In total, thus far, Evans has invested nearly $100 million on the project, Beninati said. Over the next twenty years, the company’s investment is expected to exceed the billion-dollar mark, he noted.
“At a high level, we sold assets and other ventures to generate the cash to make a large investment in your city,” he told commissioners. “We are making a huge bet that will only become a winner if we hunker down in Apopka for decades to come. Point is, we believe in your city.”
Beninati also mentioned the economic development director position the city is looking to fill.
The commission approved the new department at its Jan. 18 meeting while voicing frustrations that new restaurants and retailers in the city aren’t keeping pace with the arrival of new homes. One of the roles of the department and its not-yet-hired director would be to work with developers to identify and attract businesses.
Beninati said he looks forward to working with this employee.
Cadence Partners has been tabbed to build out the industrial component of Wyld Oaks, with plans to bring 1.3 million square feet across nine warehouse buildings.
Beninati told Apopka commissioners at the Feb. 7 meeting that CBRE has been tasked with finding national businesses that want to build office headquarters within the mixed-use development.
“We can envision a place where residents park their cars and don’t leave for a whole week because they can work in Wyld Oaks, walk to their homes in Wyld Oaks and shop, eat and catch a concert,” he said. We hope our town center becomes a place for wedding pictures and prom pictures and where a lifetime of memories will unfold for future generations of Apopka.”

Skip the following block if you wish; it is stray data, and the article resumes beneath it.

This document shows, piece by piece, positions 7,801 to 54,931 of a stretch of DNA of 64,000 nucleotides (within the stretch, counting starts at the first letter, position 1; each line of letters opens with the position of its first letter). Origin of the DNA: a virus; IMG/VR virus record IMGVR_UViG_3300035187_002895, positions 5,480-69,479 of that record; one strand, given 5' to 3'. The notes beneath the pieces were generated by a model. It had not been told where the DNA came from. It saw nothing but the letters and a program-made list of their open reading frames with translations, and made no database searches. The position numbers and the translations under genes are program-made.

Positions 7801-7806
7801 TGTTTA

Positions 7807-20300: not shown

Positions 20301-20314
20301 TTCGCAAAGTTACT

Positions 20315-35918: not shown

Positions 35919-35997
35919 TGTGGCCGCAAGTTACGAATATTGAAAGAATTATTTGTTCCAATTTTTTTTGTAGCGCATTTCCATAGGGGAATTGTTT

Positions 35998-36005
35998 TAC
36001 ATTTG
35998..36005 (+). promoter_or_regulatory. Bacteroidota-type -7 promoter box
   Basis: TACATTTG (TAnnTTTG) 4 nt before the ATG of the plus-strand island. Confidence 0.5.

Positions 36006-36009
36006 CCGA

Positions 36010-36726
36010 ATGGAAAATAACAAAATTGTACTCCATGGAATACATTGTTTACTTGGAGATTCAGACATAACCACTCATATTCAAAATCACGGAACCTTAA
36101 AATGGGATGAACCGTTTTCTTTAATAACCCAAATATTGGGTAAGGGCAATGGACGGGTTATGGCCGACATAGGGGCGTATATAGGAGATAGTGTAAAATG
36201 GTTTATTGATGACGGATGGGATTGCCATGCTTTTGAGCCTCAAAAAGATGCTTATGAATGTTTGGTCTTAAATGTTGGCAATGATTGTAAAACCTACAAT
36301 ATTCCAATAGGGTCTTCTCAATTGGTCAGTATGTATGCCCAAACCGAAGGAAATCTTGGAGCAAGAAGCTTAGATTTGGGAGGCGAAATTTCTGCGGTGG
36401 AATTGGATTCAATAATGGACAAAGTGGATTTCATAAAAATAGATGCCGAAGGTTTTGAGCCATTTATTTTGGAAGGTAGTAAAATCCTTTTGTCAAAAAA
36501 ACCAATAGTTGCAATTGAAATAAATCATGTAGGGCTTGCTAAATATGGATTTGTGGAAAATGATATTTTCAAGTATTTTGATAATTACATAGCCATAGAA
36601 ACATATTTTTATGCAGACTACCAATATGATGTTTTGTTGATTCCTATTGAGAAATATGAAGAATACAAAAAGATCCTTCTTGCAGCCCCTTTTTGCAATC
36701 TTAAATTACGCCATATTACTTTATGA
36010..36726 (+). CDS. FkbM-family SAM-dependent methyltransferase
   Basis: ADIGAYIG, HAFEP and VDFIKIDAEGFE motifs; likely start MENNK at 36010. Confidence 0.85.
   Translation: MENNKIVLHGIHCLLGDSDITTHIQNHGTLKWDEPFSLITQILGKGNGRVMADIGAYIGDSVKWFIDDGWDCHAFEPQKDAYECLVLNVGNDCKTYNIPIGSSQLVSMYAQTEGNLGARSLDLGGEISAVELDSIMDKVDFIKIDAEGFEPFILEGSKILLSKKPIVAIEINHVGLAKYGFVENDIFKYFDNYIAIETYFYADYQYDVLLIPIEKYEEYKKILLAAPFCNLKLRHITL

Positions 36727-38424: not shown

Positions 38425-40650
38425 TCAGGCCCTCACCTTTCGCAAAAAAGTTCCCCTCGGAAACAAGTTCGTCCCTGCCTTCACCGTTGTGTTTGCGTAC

A master development plan approved by the city commission shows the site divided into four districts: Village Center District, Interchange District, Employment District and Transition District.
The Village Center District, on the northwest edge of the property with the most frontage along Kelly Park Drive, would include the most residential units, as many as 1,150, along with 500,000 square feet of non-residential uses. The Employment District, on the back end of the property along the west side of SR 429, would feature the most non-residential space — as much as 1.8 million square feet — along with as many as 300 multifamily units.
The Interchange District, at the corner of Kelly Park Road and SR 429, calls for as many as 1,031 residential units and as much as 350,000 square feet of commercial space while the Transition District, the smallest, calls for as many as 450 apartments and a maximum of 250,000 square feet of non-residential space.
“This would definitely be a destination,” the city’s community development director Jim Hitt told GrowthSpotter in an earlier interview. “This is our north downtown, and it’s going to be a big area. This has been a very long-term vision.”
Have a tip about Central Florida development? Contact me at (407)-800-1161 or dwyatt@GrowthSpotter.com, or tweet me at @DustinWyattGS. Follow GrowthSpotter on Facebook, Twitter and LinkedIn